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What Did Google Actually Find Out About How It Pays Women and Men?

Illustration for article titled What Did Google Actually Find Out About How It Pays Women and Men?
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In 2017, Google was accused of gender pay discrimination by the U.S. Department of Labor. Later that year, Google employees conducted their own informal salary review, finding that women were paid less than men. In January of last year, several women filed a class-action lawsuit against the company, alleging it underpays women. Which is why a New York Times story on Monday titled “Google Moves to Address Wage Equity, and Finds It’s Underpaying Many Men” was surprising. And, ultimately, misleading.

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The story concerned the findings of Google’s 2018 pay equity analysis, which looked at 91 percent of employees. Compared to 2017, when Google spent $270,000 on 228 employees to correct systemic pay inequities, the company spent nearly $10 million on over 10,000 employees last year. In a blog post on Monday, the company attributed this bump, in part, to one specific job code: Level 4 Software Engineer, a particularly large category in the company. (A Google spokesperson couldn’t specify exactly what percentage of workers the job code represents, but parent company Alphabet said it employed 98,771 people at the end of 2018.)

“Within this job code, men were flagged for adjustments because they received less discretionary funds than women,” the company said. To conclude from this that many men at Google are underpaid is an oversimplification. As Google mentioned in its blog post, an employee’s compensation is algorithmically-generated. From there, managers are able to increase an employees’ salary, bonus, and/or equity through discretionary funds. Among Level 4 Software Engineers, more women were given these additional funds than their male counterparts, so Google adjusted for men in this category.

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This doesn’t tell us whether men, women, or any other groups in any other job codes are paid less at Google, it just indicates that in this specific job code, which comprises a substantial (but unspecified) percentage of the company, the discrepancy in discretionary funds allotted to women was statistically significant enough for Google to adjust it in favor of men. We still don’t know why women in this job code were receiving more of these additional funds, but there are plenty of reports indicating why that may be.

“Our pay equity analysis ensures that compensation is fair for employees in the same job, at the same level, location and performance,” Google wrote in its blog post. “But we know that’s only part of the story. Because leveling, performance ratings, and promotion impact pay, this year, we are undertaking a comprehensive review of these processes to make sure the outcomes are fair and equitable for all employees.”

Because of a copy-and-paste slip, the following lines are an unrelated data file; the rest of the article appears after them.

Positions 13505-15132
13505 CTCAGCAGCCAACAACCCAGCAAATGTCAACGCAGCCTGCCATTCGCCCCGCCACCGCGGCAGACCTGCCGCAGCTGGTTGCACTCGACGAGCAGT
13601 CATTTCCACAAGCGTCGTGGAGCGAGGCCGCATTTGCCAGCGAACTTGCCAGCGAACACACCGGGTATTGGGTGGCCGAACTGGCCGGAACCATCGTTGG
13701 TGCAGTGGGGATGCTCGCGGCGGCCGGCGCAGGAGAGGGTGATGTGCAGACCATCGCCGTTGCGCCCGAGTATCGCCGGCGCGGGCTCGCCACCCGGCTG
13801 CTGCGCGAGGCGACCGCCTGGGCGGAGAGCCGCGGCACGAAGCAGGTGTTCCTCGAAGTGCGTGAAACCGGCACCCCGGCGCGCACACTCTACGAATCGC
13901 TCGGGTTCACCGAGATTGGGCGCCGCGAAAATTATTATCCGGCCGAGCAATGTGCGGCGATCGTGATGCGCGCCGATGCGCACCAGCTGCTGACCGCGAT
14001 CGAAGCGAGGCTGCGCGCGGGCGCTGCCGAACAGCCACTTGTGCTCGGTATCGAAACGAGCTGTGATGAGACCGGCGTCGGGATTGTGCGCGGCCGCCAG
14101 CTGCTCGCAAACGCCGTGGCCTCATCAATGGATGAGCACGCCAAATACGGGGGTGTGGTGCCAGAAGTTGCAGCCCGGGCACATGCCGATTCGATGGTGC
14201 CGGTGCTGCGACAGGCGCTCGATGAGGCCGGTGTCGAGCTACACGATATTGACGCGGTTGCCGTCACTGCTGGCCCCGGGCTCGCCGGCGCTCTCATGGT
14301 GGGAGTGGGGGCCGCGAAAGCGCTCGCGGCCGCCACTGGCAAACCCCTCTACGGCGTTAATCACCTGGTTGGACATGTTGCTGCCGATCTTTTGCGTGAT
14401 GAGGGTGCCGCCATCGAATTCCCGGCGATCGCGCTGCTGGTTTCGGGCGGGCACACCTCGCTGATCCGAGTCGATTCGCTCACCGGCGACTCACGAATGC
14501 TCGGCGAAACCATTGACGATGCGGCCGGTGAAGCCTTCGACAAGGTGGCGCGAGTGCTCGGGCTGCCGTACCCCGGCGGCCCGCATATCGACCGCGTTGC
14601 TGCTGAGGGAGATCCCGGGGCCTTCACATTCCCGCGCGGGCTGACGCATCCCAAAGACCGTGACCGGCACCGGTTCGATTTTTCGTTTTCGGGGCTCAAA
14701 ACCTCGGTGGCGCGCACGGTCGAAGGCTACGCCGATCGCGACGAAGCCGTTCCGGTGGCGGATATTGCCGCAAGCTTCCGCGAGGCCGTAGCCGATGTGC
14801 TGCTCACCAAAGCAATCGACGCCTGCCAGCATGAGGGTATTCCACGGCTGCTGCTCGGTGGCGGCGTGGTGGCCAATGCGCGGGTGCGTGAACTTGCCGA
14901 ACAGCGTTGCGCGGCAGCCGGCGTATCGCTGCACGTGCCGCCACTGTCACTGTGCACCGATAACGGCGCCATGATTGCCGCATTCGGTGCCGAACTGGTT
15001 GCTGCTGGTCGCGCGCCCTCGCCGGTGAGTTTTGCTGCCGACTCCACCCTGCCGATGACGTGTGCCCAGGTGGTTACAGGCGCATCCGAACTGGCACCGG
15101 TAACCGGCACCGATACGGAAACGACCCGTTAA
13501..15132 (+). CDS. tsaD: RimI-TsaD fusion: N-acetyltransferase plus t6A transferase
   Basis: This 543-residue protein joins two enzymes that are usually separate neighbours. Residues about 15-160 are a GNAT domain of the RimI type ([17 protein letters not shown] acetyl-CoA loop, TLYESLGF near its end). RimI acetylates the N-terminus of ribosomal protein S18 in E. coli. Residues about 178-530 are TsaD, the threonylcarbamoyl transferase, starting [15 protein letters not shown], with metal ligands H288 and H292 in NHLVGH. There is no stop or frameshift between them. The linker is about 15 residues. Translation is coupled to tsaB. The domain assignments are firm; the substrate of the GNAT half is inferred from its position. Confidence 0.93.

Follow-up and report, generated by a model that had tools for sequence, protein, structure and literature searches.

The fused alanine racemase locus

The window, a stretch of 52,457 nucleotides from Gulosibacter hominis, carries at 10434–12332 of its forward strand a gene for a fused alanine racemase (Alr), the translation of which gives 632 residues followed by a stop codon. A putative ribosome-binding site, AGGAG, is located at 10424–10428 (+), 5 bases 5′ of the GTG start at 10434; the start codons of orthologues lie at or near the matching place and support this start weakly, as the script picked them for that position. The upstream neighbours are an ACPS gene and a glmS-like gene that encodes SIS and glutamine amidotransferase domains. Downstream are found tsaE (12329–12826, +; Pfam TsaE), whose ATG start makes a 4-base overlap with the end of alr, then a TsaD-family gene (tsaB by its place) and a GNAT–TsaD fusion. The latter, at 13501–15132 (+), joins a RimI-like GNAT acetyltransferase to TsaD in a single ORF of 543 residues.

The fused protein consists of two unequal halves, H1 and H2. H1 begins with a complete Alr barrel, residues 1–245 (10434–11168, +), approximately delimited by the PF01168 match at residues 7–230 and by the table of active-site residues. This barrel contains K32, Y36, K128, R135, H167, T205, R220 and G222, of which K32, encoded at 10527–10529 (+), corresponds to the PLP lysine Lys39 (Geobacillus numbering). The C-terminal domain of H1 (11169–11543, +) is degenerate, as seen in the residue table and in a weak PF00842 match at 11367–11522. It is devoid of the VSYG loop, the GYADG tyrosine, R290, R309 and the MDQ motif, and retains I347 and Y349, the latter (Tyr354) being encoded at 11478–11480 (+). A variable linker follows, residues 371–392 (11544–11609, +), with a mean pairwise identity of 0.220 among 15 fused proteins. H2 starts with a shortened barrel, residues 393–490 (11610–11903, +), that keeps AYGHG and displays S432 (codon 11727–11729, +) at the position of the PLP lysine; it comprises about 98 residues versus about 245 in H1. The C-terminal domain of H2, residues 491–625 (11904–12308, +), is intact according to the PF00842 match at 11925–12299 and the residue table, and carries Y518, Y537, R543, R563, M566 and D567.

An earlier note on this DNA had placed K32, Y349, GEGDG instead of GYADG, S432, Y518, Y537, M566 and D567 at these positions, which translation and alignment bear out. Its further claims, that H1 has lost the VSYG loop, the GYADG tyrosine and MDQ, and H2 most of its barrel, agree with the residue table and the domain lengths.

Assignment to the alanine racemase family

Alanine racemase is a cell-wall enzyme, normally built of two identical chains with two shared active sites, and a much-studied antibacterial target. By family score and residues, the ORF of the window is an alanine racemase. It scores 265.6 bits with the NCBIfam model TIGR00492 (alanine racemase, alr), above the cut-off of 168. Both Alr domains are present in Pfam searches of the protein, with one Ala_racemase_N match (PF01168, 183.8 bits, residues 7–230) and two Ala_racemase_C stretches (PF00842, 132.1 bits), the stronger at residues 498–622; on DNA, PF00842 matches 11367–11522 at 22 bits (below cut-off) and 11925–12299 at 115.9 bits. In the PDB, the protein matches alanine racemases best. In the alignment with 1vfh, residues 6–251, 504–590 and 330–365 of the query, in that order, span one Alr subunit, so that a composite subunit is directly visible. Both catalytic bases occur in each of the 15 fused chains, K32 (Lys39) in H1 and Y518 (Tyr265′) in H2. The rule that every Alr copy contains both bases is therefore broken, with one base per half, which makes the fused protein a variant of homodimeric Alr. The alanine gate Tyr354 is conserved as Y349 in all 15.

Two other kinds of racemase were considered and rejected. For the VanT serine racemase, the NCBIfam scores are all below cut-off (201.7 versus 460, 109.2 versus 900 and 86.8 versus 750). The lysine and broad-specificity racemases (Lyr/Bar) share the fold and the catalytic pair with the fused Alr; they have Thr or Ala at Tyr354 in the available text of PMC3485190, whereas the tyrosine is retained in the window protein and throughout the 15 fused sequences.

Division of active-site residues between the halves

A Google spokesperson confirmed that they don’t know yet why managers gave more discretionary funds to women in this job code, which is why the company is undergoing a more thorough review, to better understand how things like leveling might be connected to the discretionary funds. The class-action lawsuit filed by former Google employees in 2017 alleged that Google systematically pays women less than men performing similar jobs, while also keeping them in lower-paying and lower-level positions. The lawsuit also alleged that men are promoted more often than women who are just as qualified.

It’s possible that women in this job code should have been promoted to a higher level position. As we saw in the class-action lawsuit, this isn’t a novel claim. And if that is the case, Google isn’t achieving pay parity by subsequently giving bonuses to their male counterparts—they are simply reverting to a pay gap that was being corrected through discretionary funds.

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We don’t know the motivation behind the significant allocation of discretionary funds to women in this job code, but Google promises to conduct a more thorough review looking into it. We also don’t know what kind of pay disparities, if any, Google found elsewhere in the company, though the company said that 49 percent of this year’s adjustment dollars corrected “discrepancies in offers to new employees.”

What we do know is that conflating these adjustments for men with the conclusion that men across the company were underpaid is misguided, and without more transparency, it’s impossible to know for certain what inequalities exist in this workforce—or any other.

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DISCUSSION

“It’s possible that women in this job code should have been promoted to a higher level position.”

It’s also possible that managers are working to keep their gender diversity numbers up by working hard to retain their female employees... There are lots of possible causes for this observed effect.

I’d certainly be curious to know what things look like at other job levels and for other clusterings (e.g. ethnicity, sexual orientation, seniority, etc.).

Note: L4 is SWE III, roughly equivalent to L5 at Amazon (SDE II), ~62 at Microsoft (SDE II), E4 at Facebook. It’s the staple position of software engineering in the valley, the first level-up/promotion 2-5 years after starting professionally, and the first career top-out position (i.e. one can spend an entire career at that level in the valley and not necessarily be a trajectory red flag, which is not true for L3 and *more true* for L5).

The plurality position on software teams at most of the big companies is the equivalent to this position, so it’s fair to look at it as a big mover for organizational bias.  I’d like to take a look at the whole picture for the org, though.